The Improbable New York Mayor Ed Koch
Ed Koch was one of those larger-than-life kind of guys. He looked like an Al Hirschfeld character long before Al Hirschfeld drew him. In the depths of decay in the 1970’s New York City was not a tourist-friendly place. Crime and the murder rate were up high, the scourge of an unknown disease, later known as AIDS, took its toll in the populace, and the overall demeanor of NY was grungy, seedy, and dangerous…and it was going broke because of it.
Koch, however, was the unlikely white knight of sorts that the city desperately needed. He enjoyed being a public figure, relished campaigning as few did, and never seemed to stop it even after he had won. His catchphrase, “How’m I Doin’?” was not a fictional attribution, but something he said as a matter of daily activity. His attitude could be, more often than not, pugnacious. He enjoyed mixing it up, and somehow that helped rally supporters to his side. He was not considered a part of the hoi polloi, and that gave voters a reason to feel they had one of their own on the inside.
Born in the Bronx, Koch first entered politics in 1967 on the City Council, representing Greenwich Village in Manhattan. He went on to serve in the House of Representatives from 1969 until 1978. He served three terms as mayor, from 1978 to 1989, with his last term plagued by scandal. The tipping point is believed to be when Koch ally, Queens Borough President Donald Manes, was accused of extortion in arranging contracts with the city’s Parking Violations Bureau. The federal government prepared to have Manes indicted, but instead he took his own life. This is not the only instance of presumed corruption leveled at the Koch Administration, with issues of bribery and conspiracy leaving a mark on his legacy overall.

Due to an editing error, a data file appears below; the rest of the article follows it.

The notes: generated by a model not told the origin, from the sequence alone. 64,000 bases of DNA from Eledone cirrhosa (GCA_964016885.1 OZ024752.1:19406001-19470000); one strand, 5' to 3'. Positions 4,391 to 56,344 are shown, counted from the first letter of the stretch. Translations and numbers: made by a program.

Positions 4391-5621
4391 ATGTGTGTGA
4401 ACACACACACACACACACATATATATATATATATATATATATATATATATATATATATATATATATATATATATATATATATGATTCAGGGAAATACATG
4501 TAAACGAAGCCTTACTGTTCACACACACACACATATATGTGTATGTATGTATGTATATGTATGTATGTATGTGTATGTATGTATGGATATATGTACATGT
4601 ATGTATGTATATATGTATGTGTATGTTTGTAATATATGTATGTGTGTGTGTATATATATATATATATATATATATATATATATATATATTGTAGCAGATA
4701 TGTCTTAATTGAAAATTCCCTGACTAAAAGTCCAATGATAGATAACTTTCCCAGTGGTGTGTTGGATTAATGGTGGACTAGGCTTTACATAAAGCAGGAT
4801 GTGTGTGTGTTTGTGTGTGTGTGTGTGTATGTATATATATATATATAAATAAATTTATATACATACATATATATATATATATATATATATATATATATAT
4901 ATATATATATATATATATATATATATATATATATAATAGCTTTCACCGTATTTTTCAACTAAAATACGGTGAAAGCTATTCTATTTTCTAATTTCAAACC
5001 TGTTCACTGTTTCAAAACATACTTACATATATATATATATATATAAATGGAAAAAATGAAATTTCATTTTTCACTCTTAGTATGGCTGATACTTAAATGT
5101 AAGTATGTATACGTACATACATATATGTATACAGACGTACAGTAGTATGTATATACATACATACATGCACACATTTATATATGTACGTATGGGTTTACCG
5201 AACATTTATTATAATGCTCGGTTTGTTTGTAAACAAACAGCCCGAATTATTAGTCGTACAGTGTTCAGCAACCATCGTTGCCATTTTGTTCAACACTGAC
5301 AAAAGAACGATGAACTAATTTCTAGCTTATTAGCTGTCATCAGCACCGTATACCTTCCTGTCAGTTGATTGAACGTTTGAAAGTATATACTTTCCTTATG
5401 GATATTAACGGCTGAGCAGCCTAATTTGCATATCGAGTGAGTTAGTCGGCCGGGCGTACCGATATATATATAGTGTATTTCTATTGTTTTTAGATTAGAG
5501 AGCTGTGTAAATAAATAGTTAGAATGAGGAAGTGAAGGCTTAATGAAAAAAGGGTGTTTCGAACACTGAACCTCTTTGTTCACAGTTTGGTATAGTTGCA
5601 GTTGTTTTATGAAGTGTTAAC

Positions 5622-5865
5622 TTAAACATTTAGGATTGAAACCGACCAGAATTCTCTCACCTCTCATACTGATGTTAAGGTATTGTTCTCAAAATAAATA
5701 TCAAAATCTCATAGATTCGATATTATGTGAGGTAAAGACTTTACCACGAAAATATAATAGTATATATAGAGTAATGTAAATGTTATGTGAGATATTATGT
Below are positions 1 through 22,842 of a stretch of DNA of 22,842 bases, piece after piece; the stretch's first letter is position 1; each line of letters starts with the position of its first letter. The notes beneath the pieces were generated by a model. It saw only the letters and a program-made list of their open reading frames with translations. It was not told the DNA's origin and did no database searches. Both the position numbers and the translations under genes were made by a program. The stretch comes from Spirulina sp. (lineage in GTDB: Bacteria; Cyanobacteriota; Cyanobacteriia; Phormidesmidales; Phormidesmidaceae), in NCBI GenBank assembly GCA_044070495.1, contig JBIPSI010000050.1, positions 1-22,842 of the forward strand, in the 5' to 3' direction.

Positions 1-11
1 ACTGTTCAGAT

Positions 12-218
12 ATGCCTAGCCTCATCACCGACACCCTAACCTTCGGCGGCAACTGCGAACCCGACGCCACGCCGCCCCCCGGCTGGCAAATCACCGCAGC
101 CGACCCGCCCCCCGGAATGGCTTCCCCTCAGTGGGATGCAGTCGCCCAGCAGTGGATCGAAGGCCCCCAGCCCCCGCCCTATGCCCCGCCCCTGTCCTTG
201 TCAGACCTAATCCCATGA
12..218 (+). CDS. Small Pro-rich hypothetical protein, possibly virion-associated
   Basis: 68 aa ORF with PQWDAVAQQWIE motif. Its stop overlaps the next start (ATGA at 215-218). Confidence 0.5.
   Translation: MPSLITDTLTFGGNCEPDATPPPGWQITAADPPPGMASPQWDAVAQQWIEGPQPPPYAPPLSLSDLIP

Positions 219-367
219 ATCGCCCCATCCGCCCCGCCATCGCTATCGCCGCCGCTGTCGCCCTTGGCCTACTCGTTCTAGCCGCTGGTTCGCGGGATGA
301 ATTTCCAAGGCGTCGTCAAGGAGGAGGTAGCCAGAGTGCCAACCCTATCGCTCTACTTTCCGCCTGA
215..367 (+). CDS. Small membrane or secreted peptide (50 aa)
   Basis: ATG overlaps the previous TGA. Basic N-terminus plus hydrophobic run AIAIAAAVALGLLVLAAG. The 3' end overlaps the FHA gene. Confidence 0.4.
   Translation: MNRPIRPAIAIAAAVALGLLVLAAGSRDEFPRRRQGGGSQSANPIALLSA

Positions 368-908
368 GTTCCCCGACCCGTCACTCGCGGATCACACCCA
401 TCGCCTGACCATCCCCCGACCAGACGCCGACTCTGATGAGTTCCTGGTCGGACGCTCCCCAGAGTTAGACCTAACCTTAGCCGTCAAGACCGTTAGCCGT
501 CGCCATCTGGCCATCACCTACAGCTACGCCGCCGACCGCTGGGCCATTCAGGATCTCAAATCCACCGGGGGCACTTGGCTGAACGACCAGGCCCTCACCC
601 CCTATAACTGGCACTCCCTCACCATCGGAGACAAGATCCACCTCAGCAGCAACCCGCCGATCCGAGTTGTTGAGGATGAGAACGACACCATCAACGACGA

In later years he would write an autobiography that would be turned into a musical, would succeed Joe Wapner as Judge on the popular syndicated television program The People’s Court and would be the judge on that program for two seasons. He would be succeeded by Judge Judy Sheindlin, whose fighting spirit mirrored Koch’s.
Politics produces few heroes and it is probably short-sighted to claim Koch was one; that would be a rose-colored description of history to say the least. However, Koch was a world class spokesman for New York City. He was the face of New York during a time period when all people saw was entropy at work, and because of that aspect he will likely be remembered long after many other mayors have come and gone. In some weird way he embodied all the pieces of the city and those who lived there. While people across the U.S. and around the world may not quite understand it, there will be a deep sense of loss felt among the New York Tri-State area for weeks to come. Somehow, Koch was one of our own.
Koch died early Friday morning, February 1, at the age of 88.